UNITED STATES DISTRICT COURT FOR THE SOUTHERN DISTRICT OF NEW YORK
September 29, 1967
In the Matter of IRA HAUPT & CO., a Limited Partnership, Bankrupt
The opinion of the court was delivered by: BONSAL
BONSAL, District Judge.
Petitioners, former limited partners of Ira Haupt & Co. (Haupt), a New York limited partnership which was adjudicated a bankrupt on June 26, 1964, have filed a petition to review a decision and order of Referee Ryan dated June 1, 1967. Jurisdiction is based upon Section 39(c) of the Bankruptcy Act, 11 U.S.C. § 67(c). Petitioners have filed claims in the Haupt bankruptcy proceeding, which claims are for the most part subordinated to approximately $30 million of claims filed by general creditors.
Since the Referee's order was well within his discretion, and in the interest of the bankrupt estate, the petition for review is denied.
On April 10, 1967 petitioners applied to the Referee for an order to compel the trustee in bankruptcy of Haupt (the trustee) to attempt to revoke a demand for arbitration made prior to Haupt's adjudication as a bankrupt, allegedly on behalf of Haupt, in Klebanow v. New York Stock Exchange (the breach of trust action),
pending in Supreme Court, New York County, New York, and to sell to petitioners all of the trustee's right, title and interest in the claims asserted derivatively on behalf of Haupt in the breach of trust action and in two actions pending in this court,
Klebanow v. Funston, 64 Civ. 692 (the Securities Exchange Act action),
and Klebanow v. Funston, 64 Civ. 935 (the anti-trust action),
the sale to be on the following terms:
1) the payment by petitioners of all expenses incurred in the prosecution of the three actions;
2) the payment by petitioners to the trustee of one-third of any recovery in the actions that remains after, (a) reimbursement to petitioners of their out-of-pocket expenses incurred in the prosecution of the actions, and, (b) payment to petitioners' counsel of one-third of any recovery after such reimbursement;
3) the remaining amount of any recovery (after making the payments in 2) above) to be divided among petitioners in proportion to their claims as filed in the Haupt bankruptcy proceeding.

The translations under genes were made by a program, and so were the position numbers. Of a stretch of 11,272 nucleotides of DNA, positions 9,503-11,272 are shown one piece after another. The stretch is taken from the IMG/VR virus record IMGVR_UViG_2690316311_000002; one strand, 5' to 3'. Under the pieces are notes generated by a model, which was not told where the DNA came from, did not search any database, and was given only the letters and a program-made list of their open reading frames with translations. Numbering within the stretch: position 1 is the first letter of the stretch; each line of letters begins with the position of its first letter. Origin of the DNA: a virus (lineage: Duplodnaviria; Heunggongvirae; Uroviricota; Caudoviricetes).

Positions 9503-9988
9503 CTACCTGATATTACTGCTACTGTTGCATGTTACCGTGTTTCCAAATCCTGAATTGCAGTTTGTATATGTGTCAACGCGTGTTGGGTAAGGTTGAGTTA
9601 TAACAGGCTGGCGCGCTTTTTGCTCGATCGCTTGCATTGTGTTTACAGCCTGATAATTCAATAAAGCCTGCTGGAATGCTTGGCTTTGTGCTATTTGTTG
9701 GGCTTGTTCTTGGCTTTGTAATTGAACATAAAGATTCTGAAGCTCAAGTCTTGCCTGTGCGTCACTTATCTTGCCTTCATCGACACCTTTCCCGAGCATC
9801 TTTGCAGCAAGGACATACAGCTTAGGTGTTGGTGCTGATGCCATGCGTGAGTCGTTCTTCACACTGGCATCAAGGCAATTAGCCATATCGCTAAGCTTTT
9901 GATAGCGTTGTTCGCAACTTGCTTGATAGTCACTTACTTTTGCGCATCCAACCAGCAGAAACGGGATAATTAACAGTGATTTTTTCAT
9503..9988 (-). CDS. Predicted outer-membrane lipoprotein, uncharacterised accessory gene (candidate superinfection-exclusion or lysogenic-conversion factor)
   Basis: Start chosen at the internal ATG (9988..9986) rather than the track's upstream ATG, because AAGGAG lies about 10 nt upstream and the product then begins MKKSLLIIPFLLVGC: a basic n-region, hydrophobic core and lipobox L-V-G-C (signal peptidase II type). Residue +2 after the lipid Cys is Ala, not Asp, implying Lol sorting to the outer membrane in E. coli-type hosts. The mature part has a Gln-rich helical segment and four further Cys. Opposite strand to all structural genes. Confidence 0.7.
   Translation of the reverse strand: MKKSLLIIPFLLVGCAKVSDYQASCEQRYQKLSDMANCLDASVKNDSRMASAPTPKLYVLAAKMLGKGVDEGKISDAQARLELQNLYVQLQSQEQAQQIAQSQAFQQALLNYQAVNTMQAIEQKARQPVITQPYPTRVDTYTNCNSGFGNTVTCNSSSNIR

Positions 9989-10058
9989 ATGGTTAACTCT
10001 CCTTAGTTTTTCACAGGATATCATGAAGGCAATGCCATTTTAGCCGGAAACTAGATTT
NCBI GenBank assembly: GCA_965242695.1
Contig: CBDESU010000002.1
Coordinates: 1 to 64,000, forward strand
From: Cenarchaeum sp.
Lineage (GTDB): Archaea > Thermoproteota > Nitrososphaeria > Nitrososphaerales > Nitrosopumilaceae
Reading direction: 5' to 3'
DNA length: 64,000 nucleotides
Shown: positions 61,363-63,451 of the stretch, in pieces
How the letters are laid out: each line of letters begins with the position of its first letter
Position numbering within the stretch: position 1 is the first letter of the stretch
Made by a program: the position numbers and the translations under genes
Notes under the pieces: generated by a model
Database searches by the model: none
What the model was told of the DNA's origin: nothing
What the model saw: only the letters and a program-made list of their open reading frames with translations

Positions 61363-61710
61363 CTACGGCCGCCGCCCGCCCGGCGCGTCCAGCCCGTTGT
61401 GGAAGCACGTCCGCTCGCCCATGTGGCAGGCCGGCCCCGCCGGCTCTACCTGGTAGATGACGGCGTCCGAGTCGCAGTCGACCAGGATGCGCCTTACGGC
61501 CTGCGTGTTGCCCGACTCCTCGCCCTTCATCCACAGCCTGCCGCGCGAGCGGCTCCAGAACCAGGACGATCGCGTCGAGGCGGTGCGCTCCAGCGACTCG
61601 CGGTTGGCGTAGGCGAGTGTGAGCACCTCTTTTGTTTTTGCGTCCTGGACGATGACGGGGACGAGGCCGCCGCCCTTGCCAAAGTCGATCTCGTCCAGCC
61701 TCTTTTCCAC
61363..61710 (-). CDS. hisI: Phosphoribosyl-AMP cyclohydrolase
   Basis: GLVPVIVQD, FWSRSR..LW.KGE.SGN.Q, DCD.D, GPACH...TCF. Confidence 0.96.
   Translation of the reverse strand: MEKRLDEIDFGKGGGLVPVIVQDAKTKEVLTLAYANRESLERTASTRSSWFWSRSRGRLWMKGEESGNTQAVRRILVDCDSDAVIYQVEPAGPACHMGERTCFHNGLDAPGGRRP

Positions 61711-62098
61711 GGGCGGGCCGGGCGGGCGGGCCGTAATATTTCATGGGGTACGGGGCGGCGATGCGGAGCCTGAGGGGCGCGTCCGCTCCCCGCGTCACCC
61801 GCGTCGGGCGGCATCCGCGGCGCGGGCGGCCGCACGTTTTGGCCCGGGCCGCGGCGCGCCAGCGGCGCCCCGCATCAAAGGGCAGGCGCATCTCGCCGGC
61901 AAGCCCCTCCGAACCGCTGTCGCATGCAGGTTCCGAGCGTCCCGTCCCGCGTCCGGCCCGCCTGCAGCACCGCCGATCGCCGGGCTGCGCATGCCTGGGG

Objections to petitioners' application were filed by the New York Stock Exchange, the Chase Manhattan Bank (National Association), Morgan Guaranty Trust Company of New York, First National City Bank, Manufacturers Hanover Trust Company, Wm. Brandt's Sons & Co. Ltd., Charterhouse Japhet & Thomasson Limited, Kleinwort, Benson Limited, Continental Illinois National Bank and Trust Company of Chicago, and First National State Bank of New Jersey, all of which have filed claims in the Haupt bankruptcy proceeding as general creditors. The New York Stock Exchange is named as a defendant in the three actions. The trustee does not object to the continued prosecution of the actions by petitioners provided that:
1) the actions are prosecuted at petitioners' expense for the benefit of the estate, with any recovery being paid in full to the trustee;
2) the compensation of petitioners' attorneys and reimbursement for out-of-pocket expenses are fixed upon application to the court in accordance with the Bankruptcy Rules; and
3) the trustee retains the right to apply to the court for abatement of the prosecution of the actions, or any of them, should the trustee determine that continued prosecution may prejudice the estate.
By the decision and order dated June 1, 1967, the Referee directed that:
1) petitioners are authorized to continue the prosecution of the three actions for the benefit of Haupt, with the amount of any recovery to be paid to the trustee;
2) the compensation of petitioners' attorneys and the payment of out-of-pocket expenses would be determined upon application in accordance with the Bankruptcy Act and the Rules of the court;